US Dollar Index fell by 0.23% as non-farm payroll rose
The US Dollar Index measures the strength of the US dollar against other major currencies. It fell by 0.23% on March 4, 2016, at 2:00 PM EST after the release of the non-farm payroll data. There was a slight uptick in the dollar towards 98.03 before it fell to 97.36. The rise in the employment data was something that the Market was expecting, especially after the strong ADP employment number on March 2. For more details on the ADP report earlier in the week, read ADP Employment Report Release Strikes a Strong Note.
Positive side of the employment release
The non-farm payroll report for February, published by the U.S. Bureau of Labor Statistics, didn’t give any major direction to the Market because the numbers were contrasting. On the positive side, the unemployment rate remained at a multiyear low of 4.9%. The non-farm employment change came out at 242,000—compared to forecasts of a 195,000 rise. Healthcare and social assistance added the maximum jobs at 57,000. Among other positive data, the participation rate rose to 62.9%.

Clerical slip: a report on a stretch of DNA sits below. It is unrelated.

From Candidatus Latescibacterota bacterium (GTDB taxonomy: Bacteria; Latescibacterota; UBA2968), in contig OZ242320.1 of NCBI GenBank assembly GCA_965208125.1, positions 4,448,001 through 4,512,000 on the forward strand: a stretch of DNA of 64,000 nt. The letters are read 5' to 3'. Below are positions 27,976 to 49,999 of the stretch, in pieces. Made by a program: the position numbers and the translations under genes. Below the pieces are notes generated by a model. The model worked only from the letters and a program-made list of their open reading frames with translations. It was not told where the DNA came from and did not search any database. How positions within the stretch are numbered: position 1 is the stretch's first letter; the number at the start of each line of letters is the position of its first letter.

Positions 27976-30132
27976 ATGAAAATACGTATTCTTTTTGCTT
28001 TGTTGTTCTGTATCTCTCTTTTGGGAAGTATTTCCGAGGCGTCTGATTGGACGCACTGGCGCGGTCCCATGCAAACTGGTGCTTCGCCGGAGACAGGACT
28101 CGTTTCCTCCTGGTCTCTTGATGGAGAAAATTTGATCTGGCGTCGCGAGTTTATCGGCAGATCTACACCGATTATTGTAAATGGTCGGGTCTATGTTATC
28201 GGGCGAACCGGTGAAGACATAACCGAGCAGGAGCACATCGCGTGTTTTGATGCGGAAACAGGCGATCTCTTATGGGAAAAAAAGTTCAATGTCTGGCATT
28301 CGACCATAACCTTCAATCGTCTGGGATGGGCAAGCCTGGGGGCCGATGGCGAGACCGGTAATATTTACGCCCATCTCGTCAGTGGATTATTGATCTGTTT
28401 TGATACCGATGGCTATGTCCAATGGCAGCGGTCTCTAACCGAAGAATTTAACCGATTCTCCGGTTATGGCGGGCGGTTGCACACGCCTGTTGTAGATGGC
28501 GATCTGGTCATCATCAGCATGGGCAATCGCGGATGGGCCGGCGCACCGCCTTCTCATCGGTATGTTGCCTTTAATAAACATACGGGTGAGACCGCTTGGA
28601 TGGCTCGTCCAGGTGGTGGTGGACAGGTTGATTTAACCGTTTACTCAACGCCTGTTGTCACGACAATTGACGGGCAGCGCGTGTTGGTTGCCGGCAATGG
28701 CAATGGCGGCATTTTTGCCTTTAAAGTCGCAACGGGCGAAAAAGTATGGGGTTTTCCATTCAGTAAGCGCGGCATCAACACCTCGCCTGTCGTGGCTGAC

Negative side of the employment release
The major negative was the month-over-month average hourly earnings. This represents the percentage change in pay for labor. The earnings were disappointing at -0.1%—compared to forecasts of a 0.2% rise and 0.5% the previous month. The average weekly hours were also below the forecast at 34.4—compared to the forecast of 34.6.
Impact on the market
Looking at market-based ETFS, the SPDR S&P 500 ETF (SPY) and the SPDR S&P MidCap 400 ETF (MDY) rose by 0.33% and 0.69%, respectively. This showed the positive sentiment following the non-farm payroll report.
The PowerShares QQQ Trust Series 1 ETF (QQQ) is a NASDAQ-based ETF. It was comparatively flat with a positive bias of 0.04%. The large-cap equity fund, the iShares Core S&P 500 ETF (IVV) rose by 0.35%. The small-cap fund, the iShares Russell 2000 ETF (IWM) ended the day 0.55% higher.